Groups that help low-income families get food assistance are alarmed by a recent drop in the number of immigrants seeking help. Some families are even canceling their food stamps and other government benefits, for fear that receiving them will affect their immigration status or lead to deportation. Many of the concerns appear to be unfounded but have been fueled by the Trump administration's tough stance on immigration.

Russians are still trying to understand exactly what happened over the weekend, when thousands of people — many of them teenagers — turned out for anti-government rallies in dozens of cities across the country.

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ARI SHAPIRO, HOST:

These are divisive times in the United Kingdom. Today, the Scottish Parliament voted to seek an independence referendum that could split the country apart. Tomorrow, the U.K. triggers Brexit, the process for breaking away from the European Union.

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KELLY MCEVERS, HOST:

And now to the Iraqi city of Mosul. That is where Iraqi forces along with the U.S. coalition are in a battle to retake the city from ISIS.

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ARI SHAPIRO, HOST:

The first opera hit the stage over 400 years ago. More recently, the art form has been adapted to modern media: In the 1920s and '30s, operas were written to be performed on the radio, and in 1951, NBC commissioned Gian Carlo Menotti to compose Amahl And The Night Visitors for television.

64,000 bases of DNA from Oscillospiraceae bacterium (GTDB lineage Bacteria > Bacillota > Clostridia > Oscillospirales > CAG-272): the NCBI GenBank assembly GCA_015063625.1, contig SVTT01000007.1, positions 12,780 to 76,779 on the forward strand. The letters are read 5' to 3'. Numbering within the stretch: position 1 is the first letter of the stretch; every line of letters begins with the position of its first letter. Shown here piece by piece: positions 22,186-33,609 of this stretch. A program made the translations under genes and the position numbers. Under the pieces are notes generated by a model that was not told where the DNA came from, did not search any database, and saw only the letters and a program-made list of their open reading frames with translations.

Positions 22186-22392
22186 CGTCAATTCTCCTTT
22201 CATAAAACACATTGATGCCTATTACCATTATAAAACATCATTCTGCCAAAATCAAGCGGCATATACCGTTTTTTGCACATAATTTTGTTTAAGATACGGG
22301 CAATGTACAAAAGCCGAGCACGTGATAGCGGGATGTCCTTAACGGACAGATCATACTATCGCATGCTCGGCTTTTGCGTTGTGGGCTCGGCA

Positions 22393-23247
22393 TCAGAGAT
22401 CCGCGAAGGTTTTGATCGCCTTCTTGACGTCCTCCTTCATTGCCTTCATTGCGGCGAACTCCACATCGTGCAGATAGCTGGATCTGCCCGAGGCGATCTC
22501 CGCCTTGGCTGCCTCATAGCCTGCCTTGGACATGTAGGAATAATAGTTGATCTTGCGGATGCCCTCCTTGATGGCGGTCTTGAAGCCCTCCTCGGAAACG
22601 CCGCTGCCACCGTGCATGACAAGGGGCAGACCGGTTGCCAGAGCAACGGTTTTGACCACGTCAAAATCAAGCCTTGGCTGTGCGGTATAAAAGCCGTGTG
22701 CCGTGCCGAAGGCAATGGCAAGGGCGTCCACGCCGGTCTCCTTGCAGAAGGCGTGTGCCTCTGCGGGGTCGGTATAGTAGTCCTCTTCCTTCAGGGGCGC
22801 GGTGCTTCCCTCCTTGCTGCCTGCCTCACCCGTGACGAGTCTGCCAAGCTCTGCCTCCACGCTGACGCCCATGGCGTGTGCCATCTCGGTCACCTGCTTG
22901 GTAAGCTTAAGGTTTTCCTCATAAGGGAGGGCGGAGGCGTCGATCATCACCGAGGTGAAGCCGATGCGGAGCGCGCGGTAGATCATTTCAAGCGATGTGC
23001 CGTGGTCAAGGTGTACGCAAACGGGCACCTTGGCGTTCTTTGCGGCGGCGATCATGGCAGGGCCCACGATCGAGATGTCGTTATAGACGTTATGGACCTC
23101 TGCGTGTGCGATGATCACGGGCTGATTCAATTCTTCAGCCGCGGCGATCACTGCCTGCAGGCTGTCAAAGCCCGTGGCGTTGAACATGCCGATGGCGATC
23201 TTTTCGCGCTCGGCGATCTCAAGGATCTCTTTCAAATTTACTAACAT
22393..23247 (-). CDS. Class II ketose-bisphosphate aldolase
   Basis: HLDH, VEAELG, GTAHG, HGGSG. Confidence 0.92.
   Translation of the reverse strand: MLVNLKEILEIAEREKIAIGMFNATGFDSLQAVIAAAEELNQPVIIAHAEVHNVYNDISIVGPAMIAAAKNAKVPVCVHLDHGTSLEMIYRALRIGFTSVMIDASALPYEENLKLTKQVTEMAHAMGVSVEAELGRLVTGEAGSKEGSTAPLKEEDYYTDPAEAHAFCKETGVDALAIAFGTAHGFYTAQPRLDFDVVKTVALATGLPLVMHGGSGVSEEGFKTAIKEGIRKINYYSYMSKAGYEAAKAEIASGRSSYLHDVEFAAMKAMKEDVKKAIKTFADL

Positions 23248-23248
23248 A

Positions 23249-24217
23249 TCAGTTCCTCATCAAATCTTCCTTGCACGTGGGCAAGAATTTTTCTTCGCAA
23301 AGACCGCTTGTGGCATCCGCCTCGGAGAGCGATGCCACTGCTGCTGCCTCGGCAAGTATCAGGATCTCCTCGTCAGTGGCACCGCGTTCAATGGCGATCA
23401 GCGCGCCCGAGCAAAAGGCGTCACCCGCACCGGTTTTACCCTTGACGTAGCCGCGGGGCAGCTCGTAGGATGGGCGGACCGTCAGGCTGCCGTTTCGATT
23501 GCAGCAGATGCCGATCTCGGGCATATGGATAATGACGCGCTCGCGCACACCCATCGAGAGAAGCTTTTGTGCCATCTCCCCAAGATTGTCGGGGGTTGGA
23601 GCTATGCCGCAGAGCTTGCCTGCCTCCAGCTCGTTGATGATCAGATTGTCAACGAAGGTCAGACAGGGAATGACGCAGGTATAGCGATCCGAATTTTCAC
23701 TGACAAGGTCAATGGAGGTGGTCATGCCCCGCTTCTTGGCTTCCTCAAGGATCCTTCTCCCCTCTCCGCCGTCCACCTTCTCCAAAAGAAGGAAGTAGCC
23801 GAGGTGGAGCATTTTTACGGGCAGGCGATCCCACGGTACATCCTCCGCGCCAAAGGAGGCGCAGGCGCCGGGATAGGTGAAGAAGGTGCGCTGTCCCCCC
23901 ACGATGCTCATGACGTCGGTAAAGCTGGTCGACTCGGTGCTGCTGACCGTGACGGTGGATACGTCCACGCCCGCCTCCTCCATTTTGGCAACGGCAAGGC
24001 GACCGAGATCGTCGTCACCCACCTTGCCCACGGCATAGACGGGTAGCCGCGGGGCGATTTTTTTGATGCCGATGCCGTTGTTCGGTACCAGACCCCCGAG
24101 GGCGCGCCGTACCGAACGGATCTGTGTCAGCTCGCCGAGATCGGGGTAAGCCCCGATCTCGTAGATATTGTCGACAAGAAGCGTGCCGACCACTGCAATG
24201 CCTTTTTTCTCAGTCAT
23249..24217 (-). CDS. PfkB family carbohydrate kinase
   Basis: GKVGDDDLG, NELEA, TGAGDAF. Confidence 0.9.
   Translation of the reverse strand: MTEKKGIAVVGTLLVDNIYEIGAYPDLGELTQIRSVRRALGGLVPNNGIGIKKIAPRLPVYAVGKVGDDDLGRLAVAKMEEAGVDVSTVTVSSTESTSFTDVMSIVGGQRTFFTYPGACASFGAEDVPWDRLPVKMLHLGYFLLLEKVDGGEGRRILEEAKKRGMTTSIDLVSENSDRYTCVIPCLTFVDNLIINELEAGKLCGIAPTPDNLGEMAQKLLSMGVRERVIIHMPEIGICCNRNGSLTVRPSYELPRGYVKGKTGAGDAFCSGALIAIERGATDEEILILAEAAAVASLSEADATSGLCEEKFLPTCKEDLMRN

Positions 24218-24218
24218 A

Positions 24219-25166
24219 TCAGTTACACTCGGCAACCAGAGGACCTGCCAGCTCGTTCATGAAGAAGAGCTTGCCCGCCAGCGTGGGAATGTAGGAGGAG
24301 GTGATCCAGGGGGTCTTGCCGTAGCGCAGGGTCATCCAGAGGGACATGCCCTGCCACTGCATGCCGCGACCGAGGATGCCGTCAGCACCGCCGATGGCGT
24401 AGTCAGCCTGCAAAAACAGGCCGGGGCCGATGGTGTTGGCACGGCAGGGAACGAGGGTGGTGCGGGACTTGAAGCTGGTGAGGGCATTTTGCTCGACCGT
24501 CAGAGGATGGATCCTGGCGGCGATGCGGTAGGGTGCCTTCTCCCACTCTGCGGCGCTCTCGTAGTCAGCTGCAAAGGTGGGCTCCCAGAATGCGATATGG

Why don't the police fire warning shots? That's a question that comes up a lot, especially after controversial shooting deaths.

Last fall, the International Association of Chiefs of Police and 10 other law enforcement groups got together to work out a consensus policy on the use of force — a sort of model document for local departments that want to update their rules. When the document came out in January, it contained a surprise: It allowed for warning shots.

America has some noisy neighborhoods — and Los Angeles is number one. That's what you can learn from a new noise map from the U.S. Bureau of Transportation Statistics.

I sympathize with the beleaguered ears of Los Angelenos — up to a point. That's because I live in India.

Authorities in New York have charged a white supremacist from Baltimore with terrorism over the murder of a black man last week.

Police say 28-year-old James Jackson of Baltimore traveled to New York City specifically to kill black men.

It was a plan he carried out on Monday, stabbing 66-year-old Timothy Caughman to death on a public street corner, police say.

The Associated Press reports that Caughman was remembered "as a gentleman and a good neighbor."

Ahmed Kathrada, a former political prisoner, politician, anti-apartheid activist and lifelong friend to Nelson Mandela, died Tuesday at a Johannesburg hospital at age 87. In recent years, he had expressed concerns about his country's direction, and called last year for the resignation of President Jacob Zuma.

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